Grinding has always been in me, even before I found out I was pregnant. Being pregnant only made us grind harder. We went to every free program, every free parenting class I could find to prepare. I utilized just about every low-income program I could remember being in as a child to provide for my child. At the age of 16, my mother and I could no longer see eye to eye and by that time I had saved up enough money to purchase my first car and rent an apartment on Quail. It was a rough time for all parties involved. I was 16 with a 4-month-old sweeping sidewalks downtown (The District) before and after school coming home to crackheads dancing in my yard and stealing my utilities from the basement of the apartment complex.
    I graduated Douglass High School in 2014. My Douglass family is one of the biggest contributors to why I even graduated in the first place. My light was relit, and each time I got knocked down they would light it again for me.
    I went on to face challenges in my college life. Finagling the system to keep my childcare assistance and to keep my FAFSA running smoothly so I could continue to plug at classes and work. I was working at Head Start as an aide, then teacher, braiding hair on the side and going to school to stay afloat until I graduated from MACC with my Associates in Arts and Teaching. One thing I will always do is MAKE something happen outta nothing!
    In 2015, I went to my siblings wanting to move us out of the hood with our momma. We all agreed and moved into a big house in central Columbia. Things were good until they weren’t. In 2017, I married my childhood sweetheart Shawn Nunnelly, II. A time that was planned to be so happy is when life threw so many lemons at us. One day, I came home after work to a moving truck in the driveway and family moving things away. I was told I had the rest of the day to find place for me and Shawn. My daughter looked at me and said, “Mom, where are we going to sleep tonight?” My heart shattered into a billion pieces. I never wanted my children to experience an ounce of what I had to as a child.
    For a month we were homeless newlyweds waiting on our next apartment to be ready. We stayed at my best friend mother’s house, Tameka Lewis. She refused to let us pay her for opening her home to me, my husband, my child, and our dog. I left as much food as I could when we left, and I would send tiny packages when I could. That is when I knew the grind will always be bigger than me and I had no intentions of stopping anytime soon.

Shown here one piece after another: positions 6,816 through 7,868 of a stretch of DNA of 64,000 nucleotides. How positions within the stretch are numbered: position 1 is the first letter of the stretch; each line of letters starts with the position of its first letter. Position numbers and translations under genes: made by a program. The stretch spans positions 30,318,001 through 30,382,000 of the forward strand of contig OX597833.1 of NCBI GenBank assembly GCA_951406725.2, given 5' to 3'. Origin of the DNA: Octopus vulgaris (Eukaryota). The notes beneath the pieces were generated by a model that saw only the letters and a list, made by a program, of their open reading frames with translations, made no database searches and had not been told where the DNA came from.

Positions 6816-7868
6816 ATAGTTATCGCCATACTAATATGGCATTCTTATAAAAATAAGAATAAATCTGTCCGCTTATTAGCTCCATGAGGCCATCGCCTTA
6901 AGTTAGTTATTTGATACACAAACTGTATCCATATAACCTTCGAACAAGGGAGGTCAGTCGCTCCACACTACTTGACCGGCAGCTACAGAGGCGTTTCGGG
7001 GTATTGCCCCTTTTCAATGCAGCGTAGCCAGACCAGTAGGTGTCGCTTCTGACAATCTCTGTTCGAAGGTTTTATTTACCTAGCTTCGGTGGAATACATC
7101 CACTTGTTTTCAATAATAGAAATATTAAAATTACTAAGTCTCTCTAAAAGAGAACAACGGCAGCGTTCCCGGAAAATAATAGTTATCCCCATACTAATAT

The Associate’s Degree allowed me to go back to Douglass High school to become an instructional aide in the CRIBS program. A chance to go back and be the person I needed in high school. I loved every bit of helping the young moms and being a part of their lives at such an unsure and difficult time. I was not only reliving my teen mom days in CRIBS, I also had two more blessings by the names of Shawn, III and Jaheem during my time working in CRIBS.
    2018-2022 was a critical time for me. I was plugging away at my Bachelor’s degree at Columbia College. I had road bump after road bump being tossed from every direction. I felt blindfolded at times while trying to finish this degree to get across the stage. My experience would turn anyone else in my shoes away. But for me, it was something I knew I needed to accomplish. For me, for my babies, for my people.
    Before the year 2022 started, I was getting job offers at companies waiting on me to walk across the stage. I had never had so much pressure on my back. Full time job, attending college full time, braiding LOTs of hair and trying to figure out my next step. I told myself I wouldn’t work at place where I felt so alone while navigating through. God chuckled and told me it was time to go back and help the students who were lost just like I was.
    I am now a Proud TRiO SSS Advisor at Columbia College. I serve first generation, low-income and students with disabilities navigating college with all its glory and road bumps to graduation and career placement.
    I am proud of who I am and all that I have overcome. I am imperfect, but that is what reminds me that we are all human and we have our own challenges to face.
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Terryonna Nunnelly by Valérie Berta